Fourth Circuit Backs Detailed Medical Inquiry for Safety-Sensitive Job

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The Americans with Disabilities Act prohibits employers from asking questions about an employee’s medical condition absent “business necessity.” What exactly constitutes business necessity has been the subject of litigation for years. Last week, the Fourth Circuit Court of Appeals (which includes North Carolina, South Carolina, and Virginia) affirmed dismissal of an ADA discrimination claim filed by a railroad engineer who contested his employer’s request for detailed medical information following a positive drug test.

In Coffey v. Norfolk Southern Railway Co., the plaintiff had been involved in a train derailment that led to a drug test mandated by the Department of Transportation. That test revealed the presence of amphetamines, and he was subject to follow-up testing for five years. Several years later, he tested positive for amphetamines and codeine. The plaintiff contended that he had legitimate prescriptions for both medications. In addition to requesting the prescriptions, his employer asked for a range of information relating to his underlying medical conditions and how they could affect his job performance. The plaintiff was terminated after repeated failures to fully comply with these requests. He filed suit, claiming that the information request was an impermissible medical inquiry under the ADA.

The Fourth Circuit had little difficulty rejecting the plaintiff’s claims. First, the court noted that the drug test and follow up safety questions were mandated by federal rules. Second, the employer had objectively reasonable business grounds for asking detailed questions about the plaintiff’s medical condition given the potential impact of his condition on his ability to safely operate a locomotive.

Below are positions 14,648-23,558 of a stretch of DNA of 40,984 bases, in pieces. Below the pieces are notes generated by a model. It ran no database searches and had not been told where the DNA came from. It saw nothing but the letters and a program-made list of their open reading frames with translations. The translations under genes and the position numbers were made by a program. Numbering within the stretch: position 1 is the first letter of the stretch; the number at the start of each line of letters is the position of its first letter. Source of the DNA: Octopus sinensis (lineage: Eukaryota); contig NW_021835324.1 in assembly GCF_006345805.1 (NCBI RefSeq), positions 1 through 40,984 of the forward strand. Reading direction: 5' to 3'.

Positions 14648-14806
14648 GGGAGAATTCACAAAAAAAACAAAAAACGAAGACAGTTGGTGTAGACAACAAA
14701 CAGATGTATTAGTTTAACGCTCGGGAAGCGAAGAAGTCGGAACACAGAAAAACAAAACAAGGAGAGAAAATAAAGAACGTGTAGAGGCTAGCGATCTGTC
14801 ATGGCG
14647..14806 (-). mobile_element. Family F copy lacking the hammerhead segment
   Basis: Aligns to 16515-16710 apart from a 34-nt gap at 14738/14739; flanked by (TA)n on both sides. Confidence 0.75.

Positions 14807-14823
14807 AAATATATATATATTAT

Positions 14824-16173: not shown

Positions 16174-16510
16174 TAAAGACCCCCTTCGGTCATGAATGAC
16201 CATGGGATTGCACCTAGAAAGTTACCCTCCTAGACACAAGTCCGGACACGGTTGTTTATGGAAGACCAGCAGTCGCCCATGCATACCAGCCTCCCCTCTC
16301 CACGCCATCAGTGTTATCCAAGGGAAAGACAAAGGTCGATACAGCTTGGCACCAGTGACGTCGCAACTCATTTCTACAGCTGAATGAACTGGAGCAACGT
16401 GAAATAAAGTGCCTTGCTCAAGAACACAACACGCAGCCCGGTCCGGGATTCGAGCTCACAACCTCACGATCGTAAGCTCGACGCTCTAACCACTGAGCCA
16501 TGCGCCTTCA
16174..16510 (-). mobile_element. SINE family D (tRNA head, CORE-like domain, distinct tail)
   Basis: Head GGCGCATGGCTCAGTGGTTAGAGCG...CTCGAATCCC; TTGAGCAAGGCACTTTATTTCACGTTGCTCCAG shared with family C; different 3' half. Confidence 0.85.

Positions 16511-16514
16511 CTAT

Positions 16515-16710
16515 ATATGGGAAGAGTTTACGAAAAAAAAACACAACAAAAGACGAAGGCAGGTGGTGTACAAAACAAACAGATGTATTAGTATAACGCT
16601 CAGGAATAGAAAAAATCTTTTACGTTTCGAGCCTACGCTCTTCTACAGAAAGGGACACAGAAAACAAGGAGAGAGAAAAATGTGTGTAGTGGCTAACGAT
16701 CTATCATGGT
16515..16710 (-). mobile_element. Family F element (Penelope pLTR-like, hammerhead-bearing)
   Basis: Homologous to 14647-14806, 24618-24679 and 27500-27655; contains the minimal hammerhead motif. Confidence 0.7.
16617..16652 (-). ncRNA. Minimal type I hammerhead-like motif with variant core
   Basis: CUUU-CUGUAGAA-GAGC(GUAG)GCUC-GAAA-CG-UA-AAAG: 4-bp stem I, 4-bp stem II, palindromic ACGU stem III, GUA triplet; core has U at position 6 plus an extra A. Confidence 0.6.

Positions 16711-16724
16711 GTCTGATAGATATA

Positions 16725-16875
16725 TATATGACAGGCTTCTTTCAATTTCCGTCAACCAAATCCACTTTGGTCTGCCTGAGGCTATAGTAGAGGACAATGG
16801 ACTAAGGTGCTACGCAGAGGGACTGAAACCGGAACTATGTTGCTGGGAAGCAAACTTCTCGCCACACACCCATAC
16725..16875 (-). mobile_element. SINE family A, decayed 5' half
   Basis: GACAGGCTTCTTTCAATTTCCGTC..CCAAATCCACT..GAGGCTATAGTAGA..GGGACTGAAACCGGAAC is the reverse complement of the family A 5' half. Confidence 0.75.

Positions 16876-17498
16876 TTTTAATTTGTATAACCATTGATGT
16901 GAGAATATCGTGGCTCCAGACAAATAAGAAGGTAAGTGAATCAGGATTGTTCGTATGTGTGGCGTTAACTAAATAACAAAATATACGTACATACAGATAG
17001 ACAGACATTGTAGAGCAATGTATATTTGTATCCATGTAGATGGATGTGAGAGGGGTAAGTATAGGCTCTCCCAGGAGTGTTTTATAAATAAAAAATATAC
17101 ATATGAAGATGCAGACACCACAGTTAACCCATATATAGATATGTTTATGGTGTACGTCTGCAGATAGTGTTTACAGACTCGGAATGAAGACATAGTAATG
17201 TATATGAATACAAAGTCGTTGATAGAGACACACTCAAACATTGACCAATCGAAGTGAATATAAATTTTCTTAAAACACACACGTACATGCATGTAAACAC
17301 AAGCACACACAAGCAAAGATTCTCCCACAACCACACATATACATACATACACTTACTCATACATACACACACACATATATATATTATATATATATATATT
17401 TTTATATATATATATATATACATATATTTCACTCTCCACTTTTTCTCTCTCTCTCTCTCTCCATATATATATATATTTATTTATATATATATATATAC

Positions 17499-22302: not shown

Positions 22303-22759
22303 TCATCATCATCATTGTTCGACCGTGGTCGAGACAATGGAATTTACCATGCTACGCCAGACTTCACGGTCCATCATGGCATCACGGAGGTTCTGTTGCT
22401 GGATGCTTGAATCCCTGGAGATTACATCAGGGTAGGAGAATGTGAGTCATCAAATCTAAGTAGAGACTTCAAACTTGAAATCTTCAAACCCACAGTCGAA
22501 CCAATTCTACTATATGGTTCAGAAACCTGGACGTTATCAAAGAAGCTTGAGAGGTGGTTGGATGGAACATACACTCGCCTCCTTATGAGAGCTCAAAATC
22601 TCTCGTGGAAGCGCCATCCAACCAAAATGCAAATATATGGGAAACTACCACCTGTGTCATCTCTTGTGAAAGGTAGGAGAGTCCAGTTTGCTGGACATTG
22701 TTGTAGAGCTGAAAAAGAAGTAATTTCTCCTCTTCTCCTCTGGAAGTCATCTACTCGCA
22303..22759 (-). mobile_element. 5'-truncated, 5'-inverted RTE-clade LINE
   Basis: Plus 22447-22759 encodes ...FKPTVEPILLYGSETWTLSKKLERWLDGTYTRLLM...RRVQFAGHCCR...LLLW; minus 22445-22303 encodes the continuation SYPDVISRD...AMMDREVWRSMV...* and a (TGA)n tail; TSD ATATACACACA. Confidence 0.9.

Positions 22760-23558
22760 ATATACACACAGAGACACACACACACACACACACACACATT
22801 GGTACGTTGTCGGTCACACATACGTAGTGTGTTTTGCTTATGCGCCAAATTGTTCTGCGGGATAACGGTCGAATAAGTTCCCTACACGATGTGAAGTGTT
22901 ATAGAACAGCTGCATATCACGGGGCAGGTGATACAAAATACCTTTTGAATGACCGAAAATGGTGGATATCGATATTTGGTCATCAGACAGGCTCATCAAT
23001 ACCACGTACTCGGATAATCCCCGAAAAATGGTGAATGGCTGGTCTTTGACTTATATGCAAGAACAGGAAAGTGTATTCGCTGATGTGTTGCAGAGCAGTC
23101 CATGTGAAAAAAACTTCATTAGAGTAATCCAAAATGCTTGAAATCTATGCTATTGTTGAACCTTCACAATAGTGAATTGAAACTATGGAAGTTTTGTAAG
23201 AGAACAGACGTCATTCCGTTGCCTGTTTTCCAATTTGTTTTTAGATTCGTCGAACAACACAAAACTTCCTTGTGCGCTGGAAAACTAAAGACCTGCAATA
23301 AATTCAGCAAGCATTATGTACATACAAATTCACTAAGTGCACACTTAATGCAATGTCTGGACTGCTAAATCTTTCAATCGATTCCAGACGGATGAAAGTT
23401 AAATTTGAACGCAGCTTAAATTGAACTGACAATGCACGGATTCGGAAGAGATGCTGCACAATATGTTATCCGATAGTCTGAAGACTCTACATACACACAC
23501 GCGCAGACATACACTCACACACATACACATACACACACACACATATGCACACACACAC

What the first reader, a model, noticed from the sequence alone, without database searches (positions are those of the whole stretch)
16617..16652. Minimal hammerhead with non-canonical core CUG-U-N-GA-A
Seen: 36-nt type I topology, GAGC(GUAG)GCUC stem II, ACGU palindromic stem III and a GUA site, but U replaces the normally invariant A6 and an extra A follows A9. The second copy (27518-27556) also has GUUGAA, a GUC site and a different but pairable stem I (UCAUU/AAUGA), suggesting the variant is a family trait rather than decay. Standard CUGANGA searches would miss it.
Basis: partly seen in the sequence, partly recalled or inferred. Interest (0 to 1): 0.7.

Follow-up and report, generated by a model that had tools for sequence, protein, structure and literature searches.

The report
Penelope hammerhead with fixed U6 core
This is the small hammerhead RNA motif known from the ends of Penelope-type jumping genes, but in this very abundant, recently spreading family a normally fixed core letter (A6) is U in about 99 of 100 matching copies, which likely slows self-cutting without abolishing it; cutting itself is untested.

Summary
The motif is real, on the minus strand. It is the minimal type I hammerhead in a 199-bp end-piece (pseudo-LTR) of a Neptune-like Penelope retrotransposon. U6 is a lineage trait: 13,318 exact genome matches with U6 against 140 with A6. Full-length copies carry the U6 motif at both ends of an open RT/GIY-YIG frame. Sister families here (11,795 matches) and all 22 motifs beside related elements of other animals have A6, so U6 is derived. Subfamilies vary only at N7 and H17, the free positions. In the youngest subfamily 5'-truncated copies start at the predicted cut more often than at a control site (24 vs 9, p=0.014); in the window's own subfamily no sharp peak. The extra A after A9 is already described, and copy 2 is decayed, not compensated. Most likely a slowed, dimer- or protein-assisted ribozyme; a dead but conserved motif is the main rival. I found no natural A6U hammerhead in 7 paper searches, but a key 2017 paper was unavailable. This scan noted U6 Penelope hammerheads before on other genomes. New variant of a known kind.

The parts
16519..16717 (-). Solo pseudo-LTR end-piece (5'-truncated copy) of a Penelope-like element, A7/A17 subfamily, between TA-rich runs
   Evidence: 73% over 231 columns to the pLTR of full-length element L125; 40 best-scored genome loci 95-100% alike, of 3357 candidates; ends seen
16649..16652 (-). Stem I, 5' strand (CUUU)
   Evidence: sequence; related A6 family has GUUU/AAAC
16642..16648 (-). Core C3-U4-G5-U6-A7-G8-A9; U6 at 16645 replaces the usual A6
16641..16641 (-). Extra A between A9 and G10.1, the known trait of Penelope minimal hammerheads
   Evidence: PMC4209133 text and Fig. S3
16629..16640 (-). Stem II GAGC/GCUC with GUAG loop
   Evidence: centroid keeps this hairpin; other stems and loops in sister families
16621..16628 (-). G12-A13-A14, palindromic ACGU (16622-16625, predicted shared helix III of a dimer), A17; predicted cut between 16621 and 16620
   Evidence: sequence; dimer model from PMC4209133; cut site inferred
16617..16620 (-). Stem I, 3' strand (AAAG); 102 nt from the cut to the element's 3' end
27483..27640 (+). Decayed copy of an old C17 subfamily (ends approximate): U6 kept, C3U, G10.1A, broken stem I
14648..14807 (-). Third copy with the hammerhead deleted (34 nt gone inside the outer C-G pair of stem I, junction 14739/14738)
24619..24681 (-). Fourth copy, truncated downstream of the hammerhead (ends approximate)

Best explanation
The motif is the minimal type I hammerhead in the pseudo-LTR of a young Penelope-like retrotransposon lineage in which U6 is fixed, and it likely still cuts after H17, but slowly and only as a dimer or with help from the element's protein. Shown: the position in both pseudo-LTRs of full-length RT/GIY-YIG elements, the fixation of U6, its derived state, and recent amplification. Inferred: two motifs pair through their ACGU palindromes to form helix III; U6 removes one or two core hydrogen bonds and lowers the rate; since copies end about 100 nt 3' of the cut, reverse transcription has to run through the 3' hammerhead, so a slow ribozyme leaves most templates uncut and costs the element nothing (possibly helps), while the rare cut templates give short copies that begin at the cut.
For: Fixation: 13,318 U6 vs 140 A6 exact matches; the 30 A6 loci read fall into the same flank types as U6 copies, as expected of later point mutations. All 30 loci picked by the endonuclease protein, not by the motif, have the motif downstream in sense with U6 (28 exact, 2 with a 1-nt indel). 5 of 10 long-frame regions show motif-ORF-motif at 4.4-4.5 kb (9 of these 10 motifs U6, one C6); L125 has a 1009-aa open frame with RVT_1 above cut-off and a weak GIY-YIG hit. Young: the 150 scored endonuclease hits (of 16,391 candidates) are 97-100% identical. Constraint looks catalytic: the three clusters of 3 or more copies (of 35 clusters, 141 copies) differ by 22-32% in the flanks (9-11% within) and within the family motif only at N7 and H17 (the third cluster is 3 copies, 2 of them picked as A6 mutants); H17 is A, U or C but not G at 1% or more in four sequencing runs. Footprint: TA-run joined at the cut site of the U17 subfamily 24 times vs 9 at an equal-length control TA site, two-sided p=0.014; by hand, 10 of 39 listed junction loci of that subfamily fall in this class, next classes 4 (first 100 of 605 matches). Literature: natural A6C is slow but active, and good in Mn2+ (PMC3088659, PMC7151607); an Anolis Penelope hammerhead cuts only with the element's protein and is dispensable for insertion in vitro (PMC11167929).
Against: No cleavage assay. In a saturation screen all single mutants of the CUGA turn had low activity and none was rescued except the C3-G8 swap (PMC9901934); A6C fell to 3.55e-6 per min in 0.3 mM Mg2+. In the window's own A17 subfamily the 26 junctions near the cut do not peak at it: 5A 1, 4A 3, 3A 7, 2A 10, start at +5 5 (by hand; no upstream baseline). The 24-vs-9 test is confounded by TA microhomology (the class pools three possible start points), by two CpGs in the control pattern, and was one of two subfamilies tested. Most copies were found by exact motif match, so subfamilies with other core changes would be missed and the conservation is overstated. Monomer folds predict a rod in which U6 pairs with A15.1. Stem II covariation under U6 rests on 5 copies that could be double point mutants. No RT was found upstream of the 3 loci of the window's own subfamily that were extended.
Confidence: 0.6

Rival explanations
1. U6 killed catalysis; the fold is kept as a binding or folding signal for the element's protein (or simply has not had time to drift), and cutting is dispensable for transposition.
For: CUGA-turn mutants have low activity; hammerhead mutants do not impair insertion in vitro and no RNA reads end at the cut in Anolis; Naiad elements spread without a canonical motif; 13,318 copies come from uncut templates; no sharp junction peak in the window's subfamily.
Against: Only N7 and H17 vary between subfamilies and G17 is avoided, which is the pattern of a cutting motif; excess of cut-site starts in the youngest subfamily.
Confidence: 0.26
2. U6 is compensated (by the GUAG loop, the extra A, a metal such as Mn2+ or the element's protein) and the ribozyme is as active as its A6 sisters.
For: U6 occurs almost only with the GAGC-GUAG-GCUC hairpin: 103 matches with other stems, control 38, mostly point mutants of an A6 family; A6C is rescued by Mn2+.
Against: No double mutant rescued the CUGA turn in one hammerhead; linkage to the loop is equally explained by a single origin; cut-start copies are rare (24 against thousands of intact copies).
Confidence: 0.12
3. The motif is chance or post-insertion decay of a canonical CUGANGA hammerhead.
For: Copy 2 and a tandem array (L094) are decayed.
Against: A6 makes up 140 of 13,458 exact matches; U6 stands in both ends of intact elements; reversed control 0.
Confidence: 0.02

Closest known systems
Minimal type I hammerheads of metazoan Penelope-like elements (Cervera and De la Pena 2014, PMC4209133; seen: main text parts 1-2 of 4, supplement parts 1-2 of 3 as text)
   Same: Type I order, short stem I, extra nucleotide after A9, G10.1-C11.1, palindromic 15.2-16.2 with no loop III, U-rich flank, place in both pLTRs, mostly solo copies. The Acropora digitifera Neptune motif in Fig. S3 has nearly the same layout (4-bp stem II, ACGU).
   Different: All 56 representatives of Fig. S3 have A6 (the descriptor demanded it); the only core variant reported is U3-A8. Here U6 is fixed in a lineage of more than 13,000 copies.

This case demonstrates that federal courts give employers more leeway to ask questions about an employee’s medical condition where his or her job duties impact safety. Even in the absence of regulations requiring such inquiries, medical questions reasonably related to safety will be found to meet the business necessity requirement. Employers involved in manufacturing, transportation, health care, and other safety-sensitive industries can require employees to provide detailed medical documentation confirming their ability to safely and effectively perform their work.

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DISCLAIMER: Because of the generality of this update, the information provided herein may not be applicable in all situations and should not be acted upon without specific legal advice based on particular situations.

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